Twenty-seven U.S. representatives --25 Democrats and two Republicans -- are urging House leadership to "swiftly bring legislation" to the floor prohibiting members of Congress from owning or trading stocks.
"This common-sense, bipartisan legislation is unfortunately necessary in light of recent misconduct, and is supported by Americans across the political spectrum," reads a letter sent Monday to House Speaker Nancy Pelosi and Minority Leader Kevin McCarthy drafted by Rep. Jared Golden, D-Maine.
"Both of you have recently addressed this issue in public comments, but this glaring problem will not go away until it is fixed and Congress should not delay when we have the power to fix it."
Pelosi in December insisted that members of Congress should be allowed to trade individual stocks despite often being privy to insider information. Days later, her husband bought millions of dollars’ worth of stocks in Alphabet, Disney, Micron Technology, Reoff XX, Salesforce and Roblox.
"We’re a free-market economy," she told reporters at the time. "They [lawmakers] should be able to participate in that."
Critics on both sides of the aisle have argued that lawmakers should only be allowed to invest in broader funds.
Sen. Jon Ossoff, D-Ga., and Josh Hawley, R-Mo., last week introduced similar bills that would ban lawmakers and their families from buying and selling stocks while in office.
Ossoff’s bill, the Ban Congressional Stock Trading Act, would require lawmakers, their spouses and dependents to place their stock portfolios into blind trusts and not allow lawmakers to use inside information to trade stocks and make money. His legislation would also fine the lawmakers from their salaries if they broke the law.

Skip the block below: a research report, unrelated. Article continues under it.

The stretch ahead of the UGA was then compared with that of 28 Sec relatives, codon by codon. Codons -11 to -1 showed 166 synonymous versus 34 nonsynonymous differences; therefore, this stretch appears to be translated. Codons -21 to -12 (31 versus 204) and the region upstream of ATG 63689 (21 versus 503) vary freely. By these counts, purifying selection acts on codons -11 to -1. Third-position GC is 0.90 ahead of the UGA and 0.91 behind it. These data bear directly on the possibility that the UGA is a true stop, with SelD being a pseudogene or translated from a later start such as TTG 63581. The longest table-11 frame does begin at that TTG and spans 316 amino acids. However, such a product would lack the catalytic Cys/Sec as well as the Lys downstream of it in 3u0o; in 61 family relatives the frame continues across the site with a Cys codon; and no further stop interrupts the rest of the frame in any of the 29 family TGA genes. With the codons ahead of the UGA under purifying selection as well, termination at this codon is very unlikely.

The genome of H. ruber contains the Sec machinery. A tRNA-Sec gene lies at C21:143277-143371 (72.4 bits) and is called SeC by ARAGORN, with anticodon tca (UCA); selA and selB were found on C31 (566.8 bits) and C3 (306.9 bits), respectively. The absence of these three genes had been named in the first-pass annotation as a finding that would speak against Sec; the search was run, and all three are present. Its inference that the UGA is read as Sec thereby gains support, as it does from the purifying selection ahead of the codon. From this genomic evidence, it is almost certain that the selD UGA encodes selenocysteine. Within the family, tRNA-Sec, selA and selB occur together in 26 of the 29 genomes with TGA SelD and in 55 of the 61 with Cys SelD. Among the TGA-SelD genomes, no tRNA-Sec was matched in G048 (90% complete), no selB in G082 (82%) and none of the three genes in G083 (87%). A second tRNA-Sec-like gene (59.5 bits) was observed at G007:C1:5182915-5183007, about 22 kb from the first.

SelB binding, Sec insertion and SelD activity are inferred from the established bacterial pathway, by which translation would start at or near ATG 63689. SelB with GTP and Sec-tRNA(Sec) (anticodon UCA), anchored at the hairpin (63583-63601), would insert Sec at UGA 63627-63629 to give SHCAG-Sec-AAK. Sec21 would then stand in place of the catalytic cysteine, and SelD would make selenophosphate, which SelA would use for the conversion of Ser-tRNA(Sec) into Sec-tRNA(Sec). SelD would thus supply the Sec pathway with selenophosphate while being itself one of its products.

Hawley’s bill, the Banning Insider Trading in Congress Act, would also ban lawmakers from trading stocks but not prohibit dependent children from doing so. Lawmakers would have to return their profits to the American people through the Treasury Department if they broke the law.
"Members of Congress should not be playing the stock market while we make federal policy and when we have extraordinary access to privileged confidential information, as a matter of basic integrity and ethics in government," Ossoff said recently.
The bills come after an investigation by Business Insider found that 52 members of Congress had violated the STOCK Act, which says members of Congress are required to disclose trades. Democratic Senators Diane Feinstein of California and Mark Kelly of Arizona, as well as Republican Senators Rand Paul of Kentucky and Roger Marshall of Kansas have all violated the law in recent years, according to the Insider report.
The letter sent Monday says new bills would "end the potential corruption of lawmakers pursuing policy outcomes that benefit their portfolios."
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